In the first part of this two-part article, we discussed, from my viewpoint as career educator of more than 30 years, the fact that preschools and families are increasing stress on preschool children. To clarify, we worked through a brief definition of preschool stress, and looked at the underlying reason for preschool stress.
Finally, we considered the basic requirement of preschool stress relief. We pick up at that point.
Basic Requirement of Preschool Stress Relief
Stress relief techniques for a preschool child must be fashioned in accordance with the underlying reason for stress: the child’s need for control.
Preschool stress relief depends on the establishment of boundaries. We must establish physical boundaries to keep a child safe physically. We must also establish emotional, mental, and spiritual boundaries to give the child safety. As long as boundaries do not exist, or can be knocked down, children will experience stress in seeking them. Here are a few examples of preschool stress relief in action.
1. At reading time, the physical boundary is the reading circle, reading rug, or whatever part of the room you designate. The child is to be there and nowhere else. Doesn’t this create preschool stress? No. It is strong preschool stress relief. When children know clearly that only one location is acceptable, control is established for them. They do not need to seek control by responding inappropriately. They can relax.
Preschool stress relief requires us to teach children these boundaries and help them understand that they will be happy and safe within them. They never have to test the boundary. We help relieve stress.
2. When an adult gives a command or makes a request, the mental and emotional boundary is immediate and full compliance. Adults set the boundary once, with no counting involved. The amount of time children wait to obey is the amount of time they are outside the boundary – an unhappy place to be.
If we want to provide preschool stress relief for children, we will be sure they understand that remaining outside that boundary is inappropriate. We do not ignore their disobedience. We make obedience important. We reward it, and remove the need for decision.
3. Stress relief techniques for a preschool child also establish control for the child when it comes to expectations that children will get along with one another. This expectation is not unrealistic or burdensome. Preschool stress relief in this area takes the form of instructing and showing that good things result from efforts to get along. If we separate children who are unwilling to cooperate with one another, we add to the stress, making it difficult for them to know what to do. Our voices tell them they must get along, but separation rewards their failure to do so.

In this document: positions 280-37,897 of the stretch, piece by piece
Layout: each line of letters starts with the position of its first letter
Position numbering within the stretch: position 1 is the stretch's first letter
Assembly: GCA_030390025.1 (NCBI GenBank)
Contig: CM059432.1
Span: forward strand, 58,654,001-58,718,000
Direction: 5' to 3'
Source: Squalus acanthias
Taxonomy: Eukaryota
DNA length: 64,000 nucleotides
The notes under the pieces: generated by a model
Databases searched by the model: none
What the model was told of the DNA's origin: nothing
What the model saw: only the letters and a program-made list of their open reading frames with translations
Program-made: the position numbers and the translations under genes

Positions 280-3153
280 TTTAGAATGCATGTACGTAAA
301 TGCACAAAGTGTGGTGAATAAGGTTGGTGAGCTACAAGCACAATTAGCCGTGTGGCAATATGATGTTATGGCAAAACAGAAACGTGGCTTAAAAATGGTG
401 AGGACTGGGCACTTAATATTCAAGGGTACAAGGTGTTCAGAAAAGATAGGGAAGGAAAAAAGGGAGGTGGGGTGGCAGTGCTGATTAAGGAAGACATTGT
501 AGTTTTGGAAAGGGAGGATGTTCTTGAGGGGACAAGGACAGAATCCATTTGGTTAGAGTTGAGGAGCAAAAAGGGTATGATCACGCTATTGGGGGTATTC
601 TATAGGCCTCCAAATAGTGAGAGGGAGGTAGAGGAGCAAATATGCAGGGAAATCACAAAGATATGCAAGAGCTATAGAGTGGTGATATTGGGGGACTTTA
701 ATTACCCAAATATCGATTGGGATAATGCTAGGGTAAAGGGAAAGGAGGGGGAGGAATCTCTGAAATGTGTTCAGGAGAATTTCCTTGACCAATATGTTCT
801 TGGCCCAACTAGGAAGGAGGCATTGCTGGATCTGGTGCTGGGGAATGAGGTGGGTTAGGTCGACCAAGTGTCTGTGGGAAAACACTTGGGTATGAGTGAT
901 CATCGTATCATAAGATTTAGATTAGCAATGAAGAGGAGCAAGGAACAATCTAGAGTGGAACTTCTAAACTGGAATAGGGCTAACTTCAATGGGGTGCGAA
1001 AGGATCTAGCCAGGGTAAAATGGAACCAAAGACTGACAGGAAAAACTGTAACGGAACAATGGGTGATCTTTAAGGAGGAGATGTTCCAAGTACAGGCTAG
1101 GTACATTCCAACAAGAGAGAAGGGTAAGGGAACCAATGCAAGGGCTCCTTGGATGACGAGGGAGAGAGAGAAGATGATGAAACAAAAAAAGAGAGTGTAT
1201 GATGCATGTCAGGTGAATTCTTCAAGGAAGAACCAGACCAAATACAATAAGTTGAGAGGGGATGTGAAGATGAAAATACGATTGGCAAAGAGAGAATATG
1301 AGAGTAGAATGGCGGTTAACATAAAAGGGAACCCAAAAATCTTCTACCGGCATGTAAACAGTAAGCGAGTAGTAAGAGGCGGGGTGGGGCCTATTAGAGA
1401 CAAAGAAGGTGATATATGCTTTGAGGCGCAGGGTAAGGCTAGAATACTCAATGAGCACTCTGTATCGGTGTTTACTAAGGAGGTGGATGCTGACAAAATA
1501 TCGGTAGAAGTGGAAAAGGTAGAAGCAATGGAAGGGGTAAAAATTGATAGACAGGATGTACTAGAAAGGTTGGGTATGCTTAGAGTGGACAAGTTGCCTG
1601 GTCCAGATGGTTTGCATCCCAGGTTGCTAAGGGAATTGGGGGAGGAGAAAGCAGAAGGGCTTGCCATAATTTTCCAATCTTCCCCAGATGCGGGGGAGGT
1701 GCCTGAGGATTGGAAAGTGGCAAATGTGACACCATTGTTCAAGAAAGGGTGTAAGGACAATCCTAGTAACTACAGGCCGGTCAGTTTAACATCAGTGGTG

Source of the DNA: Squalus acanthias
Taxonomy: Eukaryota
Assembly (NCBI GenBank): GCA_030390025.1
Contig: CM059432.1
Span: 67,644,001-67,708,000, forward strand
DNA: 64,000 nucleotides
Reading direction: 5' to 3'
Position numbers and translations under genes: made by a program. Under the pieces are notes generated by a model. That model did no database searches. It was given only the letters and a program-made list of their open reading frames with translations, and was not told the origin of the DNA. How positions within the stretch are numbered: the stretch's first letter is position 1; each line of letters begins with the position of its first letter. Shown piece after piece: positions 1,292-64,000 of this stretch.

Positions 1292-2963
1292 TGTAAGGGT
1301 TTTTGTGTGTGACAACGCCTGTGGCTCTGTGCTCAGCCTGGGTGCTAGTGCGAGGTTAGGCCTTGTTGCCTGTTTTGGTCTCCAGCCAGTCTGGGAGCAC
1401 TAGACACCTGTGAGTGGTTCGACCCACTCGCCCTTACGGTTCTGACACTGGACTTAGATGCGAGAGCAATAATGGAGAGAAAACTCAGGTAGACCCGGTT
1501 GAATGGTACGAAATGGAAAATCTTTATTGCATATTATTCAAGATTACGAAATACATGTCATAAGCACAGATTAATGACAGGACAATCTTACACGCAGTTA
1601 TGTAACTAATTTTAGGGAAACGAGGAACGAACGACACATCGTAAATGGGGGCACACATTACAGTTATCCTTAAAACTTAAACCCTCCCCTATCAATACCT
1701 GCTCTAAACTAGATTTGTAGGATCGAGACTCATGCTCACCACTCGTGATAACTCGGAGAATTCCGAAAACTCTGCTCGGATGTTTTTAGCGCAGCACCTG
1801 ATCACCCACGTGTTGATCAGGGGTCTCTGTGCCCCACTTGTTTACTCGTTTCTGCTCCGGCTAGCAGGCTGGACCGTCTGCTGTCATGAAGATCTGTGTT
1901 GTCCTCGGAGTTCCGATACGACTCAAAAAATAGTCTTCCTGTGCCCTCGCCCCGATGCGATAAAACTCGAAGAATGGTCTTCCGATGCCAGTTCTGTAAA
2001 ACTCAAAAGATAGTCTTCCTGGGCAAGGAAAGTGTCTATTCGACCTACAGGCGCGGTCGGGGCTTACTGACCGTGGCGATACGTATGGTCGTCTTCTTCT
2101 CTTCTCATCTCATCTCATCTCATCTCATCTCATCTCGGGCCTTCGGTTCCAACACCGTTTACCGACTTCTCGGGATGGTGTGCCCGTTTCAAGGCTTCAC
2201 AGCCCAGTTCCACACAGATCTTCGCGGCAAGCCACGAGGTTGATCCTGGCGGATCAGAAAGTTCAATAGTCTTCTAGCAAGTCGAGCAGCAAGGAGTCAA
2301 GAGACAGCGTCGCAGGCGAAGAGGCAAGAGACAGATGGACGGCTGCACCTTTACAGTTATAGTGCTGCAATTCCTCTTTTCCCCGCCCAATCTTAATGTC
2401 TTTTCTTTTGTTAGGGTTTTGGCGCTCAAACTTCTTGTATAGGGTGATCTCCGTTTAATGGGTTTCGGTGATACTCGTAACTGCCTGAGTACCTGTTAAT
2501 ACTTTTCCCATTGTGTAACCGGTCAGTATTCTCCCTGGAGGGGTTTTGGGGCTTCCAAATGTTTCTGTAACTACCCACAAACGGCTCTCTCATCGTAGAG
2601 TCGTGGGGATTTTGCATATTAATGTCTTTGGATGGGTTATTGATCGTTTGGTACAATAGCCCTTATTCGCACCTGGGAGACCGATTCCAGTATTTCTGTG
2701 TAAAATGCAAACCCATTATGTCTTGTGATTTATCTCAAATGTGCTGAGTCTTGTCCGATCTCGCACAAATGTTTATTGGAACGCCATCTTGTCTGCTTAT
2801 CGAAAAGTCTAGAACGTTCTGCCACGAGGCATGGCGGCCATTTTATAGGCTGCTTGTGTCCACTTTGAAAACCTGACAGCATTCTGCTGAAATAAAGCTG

Preschool stress relief gives children responsibility for their actions. It does not blame refusal to stay within boundaries on circumstances outside the child. Life will always contain circumstances beyond their control. Preschool stress relief helps them learn early that appropriate responses to stress are based on boundaries, and their responsibility to stay within the boundaries.
A good object lesson in preschool stress relief is to give children a coloring page and crayons. Talk to them about how unhappy the crayons will be if they go outside the lines. Tell them the lines are there to make it easier for the crayons. If they had to color a parrot (or whatever the picture) without lines to guide them, it would be much harder. It would make the crayons feel anxious. They could not be sure if they were doing it right. The lines make the crayons happy and relaxed.
As the children color, explain that they are like crayons. They need lines. They need boundaries. As long as they stay inside life’s lines, they will be much happier.
Preschool stress relief is not complicated. We should not make it so. Teachers and parents who focus on natural, common sense boundaries will achieve a high level of preschool stress relief without struggle.